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New Mexico Criminal Law: An Overview

Every state enforces its own set of criminal laws. While some of the more serious crimes such as capital murder may receive similar penalties, California may penalize arson resulting in $5,000 of damages differently from New Mexico. It’s important to understand New Mexico’s unique take on criminal laws and sentencing if you run into trouble in the state.

Use LawInfo’s criminal law articles to help educate yourself about New Mexico’s laws and how they affect your case. You can learn about the difference between misdemeanors and felonies, intoxicated driving charges and many other state-specific criminal law topics. You can also use LawInfo to connect with a New Mexico criminal law attorney in Albuquerque, Las Cruces, Rio Rancho or elsewhere in the state.

Crime Classifications in New Mexico

Every state has its own system of classifying crimes which also identifies the statutory punishments for each classification. New Mexico has three main criminal offense classifications, in order of seriousness: felonies, misdemeanors and petty misdemeanors. 

Each major crime classification is defined by the extent of their imprisonment sentences. Crimes sentenced with:

  • More than a year of imprisonment are felonies.
  • Between six months and one year of imprisonment are misdemeanors.
  • Six months of imprisonment or less are petty misdemeanors.

Felonies are further classified into five different degrees of seriousness, including:

  • Capital felonies are the most serious crimes, including first-degree murder and aggravated criminal sexual penetration. A sentence includes life imprisonment with or without parole.
  • First-degree felonies include other murder offenses and kidnapping. A sentence includes up to 18 years of imprisonment and $17,500 in fines.
  • Second-degree felonies include robbery and the sexual exploitation of a minor. A sentence includes up to nine years of imprisonment and $12,500 in fines.
  • Third-degree felonies include aggravated battery, stalking and voluntary (“heat of passion”) manslaughter. A sentence includes up to three years of imprisonment and $5,000 in fines.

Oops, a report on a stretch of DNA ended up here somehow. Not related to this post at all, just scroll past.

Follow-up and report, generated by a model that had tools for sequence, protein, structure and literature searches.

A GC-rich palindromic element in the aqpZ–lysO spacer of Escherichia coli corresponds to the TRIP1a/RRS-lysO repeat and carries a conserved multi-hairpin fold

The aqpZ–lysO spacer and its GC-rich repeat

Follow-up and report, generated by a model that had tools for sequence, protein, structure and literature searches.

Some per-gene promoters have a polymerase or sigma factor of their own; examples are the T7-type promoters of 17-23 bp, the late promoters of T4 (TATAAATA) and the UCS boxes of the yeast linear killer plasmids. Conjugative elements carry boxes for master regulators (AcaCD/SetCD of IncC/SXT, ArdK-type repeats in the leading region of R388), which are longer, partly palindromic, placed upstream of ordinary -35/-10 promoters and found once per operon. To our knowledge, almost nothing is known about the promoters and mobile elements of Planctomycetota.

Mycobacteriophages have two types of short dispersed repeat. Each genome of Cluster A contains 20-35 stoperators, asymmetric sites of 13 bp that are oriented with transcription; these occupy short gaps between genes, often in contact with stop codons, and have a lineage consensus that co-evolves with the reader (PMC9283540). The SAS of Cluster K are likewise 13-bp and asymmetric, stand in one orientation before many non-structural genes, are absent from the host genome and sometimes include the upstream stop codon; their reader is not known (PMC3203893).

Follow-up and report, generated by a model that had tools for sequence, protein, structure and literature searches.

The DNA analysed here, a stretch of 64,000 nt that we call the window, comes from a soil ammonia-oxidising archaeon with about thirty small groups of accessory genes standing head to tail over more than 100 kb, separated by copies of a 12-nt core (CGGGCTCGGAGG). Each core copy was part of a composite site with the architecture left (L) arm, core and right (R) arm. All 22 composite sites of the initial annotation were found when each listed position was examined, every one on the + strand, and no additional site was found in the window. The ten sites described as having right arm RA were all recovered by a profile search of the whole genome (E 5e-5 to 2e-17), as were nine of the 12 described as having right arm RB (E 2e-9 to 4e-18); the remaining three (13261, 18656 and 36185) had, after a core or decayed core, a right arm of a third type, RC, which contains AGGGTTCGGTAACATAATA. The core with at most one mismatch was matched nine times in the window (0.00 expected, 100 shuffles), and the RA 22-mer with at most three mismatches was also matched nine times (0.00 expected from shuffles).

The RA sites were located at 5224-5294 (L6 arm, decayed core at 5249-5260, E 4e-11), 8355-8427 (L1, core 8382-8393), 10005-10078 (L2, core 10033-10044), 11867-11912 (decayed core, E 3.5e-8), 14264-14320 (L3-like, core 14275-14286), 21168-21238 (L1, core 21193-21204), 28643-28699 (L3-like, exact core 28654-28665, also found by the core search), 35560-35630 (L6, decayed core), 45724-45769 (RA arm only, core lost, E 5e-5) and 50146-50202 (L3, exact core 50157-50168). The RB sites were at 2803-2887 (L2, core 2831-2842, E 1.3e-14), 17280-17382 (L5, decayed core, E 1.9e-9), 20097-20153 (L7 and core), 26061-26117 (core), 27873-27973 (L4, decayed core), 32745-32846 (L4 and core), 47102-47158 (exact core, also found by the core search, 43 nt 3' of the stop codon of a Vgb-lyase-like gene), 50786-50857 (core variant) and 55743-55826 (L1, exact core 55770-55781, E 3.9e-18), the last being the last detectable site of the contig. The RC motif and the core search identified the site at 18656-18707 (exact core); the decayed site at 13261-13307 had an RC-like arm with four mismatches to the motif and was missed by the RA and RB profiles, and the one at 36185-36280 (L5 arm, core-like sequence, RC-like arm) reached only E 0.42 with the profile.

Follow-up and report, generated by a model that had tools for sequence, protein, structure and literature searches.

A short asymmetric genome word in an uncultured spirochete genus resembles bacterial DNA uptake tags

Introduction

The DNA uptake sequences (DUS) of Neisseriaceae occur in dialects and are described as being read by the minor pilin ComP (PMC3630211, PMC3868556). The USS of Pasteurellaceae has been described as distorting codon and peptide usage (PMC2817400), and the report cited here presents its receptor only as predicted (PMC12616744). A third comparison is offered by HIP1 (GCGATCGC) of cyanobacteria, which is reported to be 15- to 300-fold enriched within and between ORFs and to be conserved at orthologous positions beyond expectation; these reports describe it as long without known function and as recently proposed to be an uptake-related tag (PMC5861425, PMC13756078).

• Fourth-degree felonies include involuntary (negligent) manslaughter and burglary. A sentence includes up to 18 months of imprisonment and $5,000 in fines.

New Mexico DWI Laws

Alcohol-impaired driving is the largest contributor to New Mexico’s traffic fatality statistics, accounting for 40 percent of all traffic fatalities. New Mexico does what it can to address the issue by ensuring that every driving while intoxicated (DWI) offense carries significant penalties.

The legal intoxication limit for adult drivers (over 21 years of age) is a blood alcohol concentration (BAC) level of 0.08 percent. The legal limit for minor drivers (under 21 years of age) is a BAC level of 0.02 percent. You can even receive a DWI if you show signs of impaired driving without having to test for your BAC level.

The first DWI offense is a misdemeanor which could cost you:

  • Up to a $500 fine on top of mandatory fees that can add up to $217.
  • Up to 90 days in county jail.
  • Driver’s license revocation of between six months and one year.
  • Mandatory ignition interlock installed on your vehicle for one year.
  • Mandatory DWI school.
  • Mandatory alcohol evaluation.
  • Possible addiction treatment.

All of these penalties increase exponentially for each additional offense. By the fourth offense, the charge is upgraded to a fourth-degree felony.

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